By Soulskill from Slashdot's send-in-the-clones deptartment
CWmike writes "You can now pre-order an Apple iPad; but do you really want to, asks Steven J. Vaughan-Nichols. 'I mean, I get why you'd want an iPad. I'd like one too,' he writes. 'But,' he says, 'when I consider that there are soon going to be literally dozens of cheaper, Linux-powered iPad devices on the market, I find it a lot easier to resist putting $499 on my credit card. On top of that, Apple will be including DRM on some eBooks and other iPad content. I really, really hate DRM. All that said, I agree the iPad is really cool. I predict with absolute faith that the iPad and its clones are going to kill off single purpose devices like dedicated eReaders such as Amazon's Kindle and GPS devices within the next three years. How can it not work out this way? For the same price as a high-end dedicated device you can get a tablet that will do everything they can do and far more. But, and this is the important bit, you don't have to buy an Apple iPad to get all of the iPad's goodies. ARM, a mobile microprocessor power, is predicting that we'll see no less than 50 ARM-processor-powered iPad clones by year's end. And, what will they be running? These ARM-powered entertainment tablets will all be running Linux.'"Read Replies (0)
By Soulskill from Slashdot's who-wears-the-pants-in-this-family deptartment
suraj.sun writes with this snippet from an Associated Press report:
"China's top Internet regulator insisted Friday that Google must obey its laws or 'pay the consequences,' giving no sign of a possible compromise in their dispute over censorship and hacking. 'If you want to do something that disobeys Chinese law and regulations, you are unfriendly, you are irresponsible and you will have to pay the consequences,' Li Yizhong, the minister of Industry and Information Technology, said on the sidelines of China's annual legislature. ... 'Whether they leave or not is up to them,' Li said. 'But if they leave, China's Internet market is still going to develop.' ... Li insisted the government needs to censor Internet content to protect the rights of the country and its people. 'If there is information that harms stability or the people, of course we will have to block it,' he said."Read Replies (0)
By kdawson from Slashdot's decontextualizing-fun deptartment
krou writes "The Christian Science Monitor has an interesting story about how the University of Wyoming's English Department is helping fund a collective called the Learning Games Initiative to study video games. Jason Thompson, an assistant professor at UW who is part of the group, explains that 'it's a group of people [who] do research on games, do development on games, and keep an archive of games printed matter such as manuals, ... systems, all of it. We really look at games as cultural artifacts; things that reveal theology, things that reveal power. Things that should be studied in the academy.' The English Department has been very open-minded with the project, because they understand that gaming can educate people, and that 'we can expand our notion of what text and study is; the idea that it might be fun doesn't necessarily preclude its study.' Thompson believes that it's important for academia to study gaming, because games could be used in the future as a type of textbook: 'if games can teach, then as teachers shouldn't we understand what kind of teaching's going on?'"Read Replies (0)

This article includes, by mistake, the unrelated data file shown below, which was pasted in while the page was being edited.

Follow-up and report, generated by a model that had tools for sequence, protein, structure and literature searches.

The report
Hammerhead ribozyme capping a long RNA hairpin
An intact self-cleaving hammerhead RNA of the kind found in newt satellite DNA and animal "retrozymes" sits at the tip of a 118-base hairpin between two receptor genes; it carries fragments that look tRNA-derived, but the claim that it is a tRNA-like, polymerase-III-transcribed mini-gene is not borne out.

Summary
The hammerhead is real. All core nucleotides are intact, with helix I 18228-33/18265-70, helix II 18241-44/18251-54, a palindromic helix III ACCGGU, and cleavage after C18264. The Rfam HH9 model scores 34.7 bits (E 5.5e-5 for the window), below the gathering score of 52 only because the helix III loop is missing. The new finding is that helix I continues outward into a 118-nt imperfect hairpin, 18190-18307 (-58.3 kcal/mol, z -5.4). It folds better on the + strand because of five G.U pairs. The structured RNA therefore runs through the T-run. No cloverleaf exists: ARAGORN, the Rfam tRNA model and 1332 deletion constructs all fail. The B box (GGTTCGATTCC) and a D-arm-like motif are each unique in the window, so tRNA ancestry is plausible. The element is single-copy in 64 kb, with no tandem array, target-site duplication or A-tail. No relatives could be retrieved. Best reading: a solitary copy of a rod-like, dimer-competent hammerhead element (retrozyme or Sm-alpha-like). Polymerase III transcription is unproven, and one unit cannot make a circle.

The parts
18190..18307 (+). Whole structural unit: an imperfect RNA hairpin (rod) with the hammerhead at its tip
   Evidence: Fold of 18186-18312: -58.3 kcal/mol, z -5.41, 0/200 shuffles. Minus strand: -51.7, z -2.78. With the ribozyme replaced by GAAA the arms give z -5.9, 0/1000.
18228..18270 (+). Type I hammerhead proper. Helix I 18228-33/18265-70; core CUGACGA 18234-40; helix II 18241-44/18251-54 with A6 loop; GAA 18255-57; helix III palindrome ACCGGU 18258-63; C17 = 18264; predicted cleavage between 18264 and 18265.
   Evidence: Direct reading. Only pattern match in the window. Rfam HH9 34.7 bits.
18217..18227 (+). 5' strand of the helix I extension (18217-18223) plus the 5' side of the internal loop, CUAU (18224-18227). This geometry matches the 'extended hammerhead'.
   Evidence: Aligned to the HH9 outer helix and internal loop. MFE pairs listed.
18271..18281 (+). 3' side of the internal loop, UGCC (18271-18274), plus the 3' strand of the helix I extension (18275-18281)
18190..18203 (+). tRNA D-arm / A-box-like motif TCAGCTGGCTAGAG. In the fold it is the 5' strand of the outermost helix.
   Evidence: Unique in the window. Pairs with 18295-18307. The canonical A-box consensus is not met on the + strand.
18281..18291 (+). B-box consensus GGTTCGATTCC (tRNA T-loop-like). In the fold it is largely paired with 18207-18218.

By kdawson from Slashdot's but-everybody's-doing-it deptartment
theodp writes "ComputerWorld reports that IBM has stopped providing breakouts on US employees, closing a door to data that provided insights into the bellwether company's employment shift. In its latest Annual Report, Big Blue only provides its global headcount, and an IBM spokesman confirmed that disclosure of US headcount is a thing of the past. The Rochester Institute of Technology's Ron Hira called the US workforce data critical for policymakers trying to understand the dynamics of offshoring. 'By hiding its offshoring, IBM is doing a disservice to America — through omission the company is providing misleading labor market signals and information to policy makers,' Hira said. Ironically, CEO Sam Palmisano's Letter to Shareholders, which accompanied the Annual Report, touts how IBM's Analytics and 'Smarter Planet' efforts are empowering US government decision-makers. Nondisclosure domestically and abroad seems to be the new rule of thumb for Big Tech, sparking calls for government intervention."
IBM laid off about 10,000 US workers last year, and 2,900 so far this year, according to the Alliance@IBM, a labor union.Read Replies (0)
By kdawson from Slashdot's your-mileage-will-vary deptartment
AnotherUsername writes "The Federal Communications Commission is asking the nation's broadband and smartphone users to use its broadband testing tools to help the feds and consumers know what speeds are actually available, not just promised by the nation's telecoms. At http://www.broadband.gov/, users enter their address and test their broadband download speed, upload speed, latency, and jitter using one of two tests (users can choose to test with the other after one test is complete). The FCC is requiring the street address, as it 'may use this data to analyze broadband quality and availability on a geographic basis' (they promise not to release location data except in the aggregate). The agency is also asking those who live in a broadband 'dead zone' to fill out a report online, call, fax, email, or even send a letter. The announcement comes just six days before the FCC presents the first ever national broadband plan to Congress. Java is necessary to run the test."
Lauren Weinstein points out some of the limitations
in the FCC's testing methodology.Read Replies (0)